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It doesn't take long to realise when using css that certain things are not cross-browser friendly.

For example, when I wanted a semi-transparent png I had to give IE something ridiculous like:
filter: progid:DXImageTransform.Microsoft.AlphaImageLoader(...);

I've had problems with positioning and pseudo-selectors etc. as anyone who has played around with css for more than 20 minutes will have encountered.

  • To solve problems sometimes I start out deciding that I will only do what all the browsers support and support in the same (or at least a fairly similar) way.
  • Other times I just chuck in conditional comments and give IE it's own stylesheet.
  • And then on other occasions I simply use css hacks to exclude certain browsers from reading particular bits (like the old "* html {}" or "html>/**/body {}")

So my question is, which is the best option. The first is pretty limiting and you end up developing for what IE6 is capable of doing but the other two feel a bit mucky. So which is the bets in terms of programming practices, rendering efficiency etc.?

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I suggest you adopt the same policy as the company I work for and only support each browser in it's current version and current version - 1. That means IE7/8 and soon to be IE8/9. – sberry Jan 20 '11 at 7:02
Not practical when the web still has so many IE6 users. - Although extremely tempting... – jcuenod Jan 20 '11 at 7:05
up vote 1 down vote accepted

Short answer:

  • Do your best to adhere to standards
  • Be creative
  • Stop using hacks and start using conditional comments

In the long run, CSS hacks are just going to pollute your stylesheets and make them more difficult to maintain. Avoid them wherever you can, and use conditional comments with IE-specific stylesheets instead (since most hacks cater to IE). I can guarantee that CCs are much less mucky than hacks, if mucky at all.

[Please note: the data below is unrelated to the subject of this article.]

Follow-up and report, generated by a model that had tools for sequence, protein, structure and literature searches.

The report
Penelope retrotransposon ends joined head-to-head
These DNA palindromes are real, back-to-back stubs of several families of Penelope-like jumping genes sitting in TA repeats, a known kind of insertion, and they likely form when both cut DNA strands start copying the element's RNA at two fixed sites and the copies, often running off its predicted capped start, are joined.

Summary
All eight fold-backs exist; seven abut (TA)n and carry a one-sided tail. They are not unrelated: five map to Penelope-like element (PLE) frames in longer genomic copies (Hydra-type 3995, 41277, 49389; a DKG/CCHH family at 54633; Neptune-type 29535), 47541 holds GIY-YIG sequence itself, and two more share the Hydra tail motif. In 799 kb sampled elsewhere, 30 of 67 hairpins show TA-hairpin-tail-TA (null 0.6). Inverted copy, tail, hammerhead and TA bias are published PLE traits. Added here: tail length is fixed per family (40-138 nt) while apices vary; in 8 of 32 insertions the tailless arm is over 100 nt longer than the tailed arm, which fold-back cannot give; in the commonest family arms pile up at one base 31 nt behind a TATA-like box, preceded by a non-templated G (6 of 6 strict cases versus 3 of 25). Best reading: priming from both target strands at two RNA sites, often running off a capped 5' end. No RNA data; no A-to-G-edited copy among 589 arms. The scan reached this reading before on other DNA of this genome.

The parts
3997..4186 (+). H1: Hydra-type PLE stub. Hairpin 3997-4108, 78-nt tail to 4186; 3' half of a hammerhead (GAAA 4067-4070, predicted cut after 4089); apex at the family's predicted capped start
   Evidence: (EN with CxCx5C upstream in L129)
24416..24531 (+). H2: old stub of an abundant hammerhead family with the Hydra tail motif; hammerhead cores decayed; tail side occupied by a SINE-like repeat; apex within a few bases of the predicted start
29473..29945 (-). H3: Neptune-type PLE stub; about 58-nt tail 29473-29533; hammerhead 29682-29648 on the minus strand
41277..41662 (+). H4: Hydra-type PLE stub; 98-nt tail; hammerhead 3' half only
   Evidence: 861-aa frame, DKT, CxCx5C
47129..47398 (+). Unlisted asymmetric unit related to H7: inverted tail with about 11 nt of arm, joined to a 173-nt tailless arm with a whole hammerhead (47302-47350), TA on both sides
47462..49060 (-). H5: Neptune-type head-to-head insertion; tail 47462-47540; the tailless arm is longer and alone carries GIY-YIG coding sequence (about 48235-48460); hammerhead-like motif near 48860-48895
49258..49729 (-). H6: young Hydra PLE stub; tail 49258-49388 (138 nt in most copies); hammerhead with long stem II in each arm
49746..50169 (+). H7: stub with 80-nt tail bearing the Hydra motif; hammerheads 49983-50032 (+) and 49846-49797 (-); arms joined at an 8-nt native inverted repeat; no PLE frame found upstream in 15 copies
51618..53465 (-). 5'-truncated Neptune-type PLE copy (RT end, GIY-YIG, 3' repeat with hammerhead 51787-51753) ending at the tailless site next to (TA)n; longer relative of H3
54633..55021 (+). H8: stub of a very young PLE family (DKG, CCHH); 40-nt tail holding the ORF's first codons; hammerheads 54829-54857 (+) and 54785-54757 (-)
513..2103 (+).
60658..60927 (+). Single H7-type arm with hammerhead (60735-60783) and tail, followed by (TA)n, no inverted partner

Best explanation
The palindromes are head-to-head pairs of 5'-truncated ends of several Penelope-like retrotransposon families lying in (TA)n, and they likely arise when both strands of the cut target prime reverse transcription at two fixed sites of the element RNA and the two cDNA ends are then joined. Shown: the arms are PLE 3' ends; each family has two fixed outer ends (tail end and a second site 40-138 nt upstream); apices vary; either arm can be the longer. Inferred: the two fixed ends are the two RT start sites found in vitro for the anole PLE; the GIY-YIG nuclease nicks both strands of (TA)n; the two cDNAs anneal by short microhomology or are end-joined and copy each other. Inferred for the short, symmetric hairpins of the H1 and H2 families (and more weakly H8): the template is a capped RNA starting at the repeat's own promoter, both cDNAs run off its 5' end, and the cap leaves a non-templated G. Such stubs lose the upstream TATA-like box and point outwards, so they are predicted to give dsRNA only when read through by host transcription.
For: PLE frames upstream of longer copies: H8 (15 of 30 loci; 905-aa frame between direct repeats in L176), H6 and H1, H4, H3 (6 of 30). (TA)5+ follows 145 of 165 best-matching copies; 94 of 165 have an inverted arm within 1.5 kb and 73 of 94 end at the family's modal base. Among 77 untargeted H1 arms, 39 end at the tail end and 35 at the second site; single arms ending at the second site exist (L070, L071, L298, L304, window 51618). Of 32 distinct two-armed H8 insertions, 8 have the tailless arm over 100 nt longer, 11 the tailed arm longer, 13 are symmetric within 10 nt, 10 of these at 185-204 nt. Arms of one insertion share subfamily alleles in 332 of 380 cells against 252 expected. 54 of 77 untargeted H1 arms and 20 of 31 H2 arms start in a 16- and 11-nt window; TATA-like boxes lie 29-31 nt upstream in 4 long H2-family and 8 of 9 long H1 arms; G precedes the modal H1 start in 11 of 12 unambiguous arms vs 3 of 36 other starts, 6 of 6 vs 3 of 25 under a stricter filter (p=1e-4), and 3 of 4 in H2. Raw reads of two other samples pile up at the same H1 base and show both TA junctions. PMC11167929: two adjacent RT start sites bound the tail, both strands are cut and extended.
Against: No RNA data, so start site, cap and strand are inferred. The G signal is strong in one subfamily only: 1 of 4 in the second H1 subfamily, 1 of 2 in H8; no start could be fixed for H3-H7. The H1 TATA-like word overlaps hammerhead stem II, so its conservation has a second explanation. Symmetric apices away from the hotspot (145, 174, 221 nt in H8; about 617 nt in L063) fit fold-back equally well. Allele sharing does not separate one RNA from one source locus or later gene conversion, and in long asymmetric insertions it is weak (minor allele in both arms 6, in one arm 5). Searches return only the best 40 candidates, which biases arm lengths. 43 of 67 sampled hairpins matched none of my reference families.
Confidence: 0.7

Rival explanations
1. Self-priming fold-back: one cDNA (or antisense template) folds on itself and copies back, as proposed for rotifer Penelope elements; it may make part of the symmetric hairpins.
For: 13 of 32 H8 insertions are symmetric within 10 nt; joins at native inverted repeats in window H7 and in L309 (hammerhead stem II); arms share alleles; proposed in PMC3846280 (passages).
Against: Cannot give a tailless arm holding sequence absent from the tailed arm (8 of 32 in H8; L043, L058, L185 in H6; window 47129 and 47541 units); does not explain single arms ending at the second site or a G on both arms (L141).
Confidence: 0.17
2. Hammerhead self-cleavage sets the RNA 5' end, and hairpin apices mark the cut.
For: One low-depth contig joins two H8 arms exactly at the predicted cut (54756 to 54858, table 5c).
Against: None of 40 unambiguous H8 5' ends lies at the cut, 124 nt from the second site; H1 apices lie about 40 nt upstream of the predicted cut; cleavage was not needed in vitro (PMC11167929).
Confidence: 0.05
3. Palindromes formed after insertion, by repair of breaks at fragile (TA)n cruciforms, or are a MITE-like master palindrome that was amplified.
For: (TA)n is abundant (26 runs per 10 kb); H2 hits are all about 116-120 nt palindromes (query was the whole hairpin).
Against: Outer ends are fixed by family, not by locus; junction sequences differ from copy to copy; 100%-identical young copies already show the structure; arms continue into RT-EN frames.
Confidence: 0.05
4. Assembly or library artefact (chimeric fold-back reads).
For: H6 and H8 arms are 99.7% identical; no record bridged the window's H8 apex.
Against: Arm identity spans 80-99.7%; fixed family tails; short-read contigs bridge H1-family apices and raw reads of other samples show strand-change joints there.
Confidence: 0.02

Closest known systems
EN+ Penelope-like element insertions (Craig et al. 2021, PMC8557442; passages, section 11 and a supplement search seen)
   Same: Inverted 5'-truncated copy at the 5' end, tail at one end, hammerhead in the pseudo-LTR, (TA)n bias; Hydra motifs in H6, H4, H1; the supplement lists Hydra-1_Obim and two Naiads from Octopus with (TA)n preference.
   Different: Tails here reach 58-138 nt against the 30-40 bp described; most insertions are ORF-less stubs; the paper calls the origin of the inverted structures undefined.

You do not have to be limited by IE all the time. There's a concept called progressive enhancement, which means you can make your pages look slightly prettier in modern browsers that support advanced styling, and so on. There's nothing wrong with using CSS3 properties like border-radius today, since browser vendors are working (relatively) quickly to bring support for these to their products.

But then there are clients, which would be a different topic of discussion. I would say, though, strike a balance: educate your clients and be creative, but don't try to do anything too smart or fancy. And please, just avoid CSS hacks unless it's half past 4 in the morning and you're downing can after can of beer and just want to get something done in whatever circumstance.

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You down "can after can of beer" to code? I may have onpy recently turned 21 but that seems unhealthy/illegal/likel to get you fired. – Chris Lutz Jan 20 '11 at 7:25
@Chris Lutz: Can't speak for unhealthy/illegal (I don't drink), but there are the people who work from home. That expression was completely tongue-in-cheek anyway :P – BoltClock Jan 20 '11 at 7:39
Mine was also a humerous comment. I need to start using smileys. Also, I need to start using more discipline spell-checking when typing on my phone. I'm normally a lot better at spelling and typing than that comment indicates. :P – Chris Lutz Jan 20 '11 at 7:42
@Chris Lutz: Of course. – BoltClock Jan 20 '11 at 7:43
One too many this morning perhaps... – jcuenod Jan 20 '11 at 8:00

I always prefer conditional comments with IE fixes. The hacks are not consistent with IE fixing the parsing so the hack doesn't work anymore but then not fixing the thing the hack was compensating. Also, they could mess with other CSS parsers.

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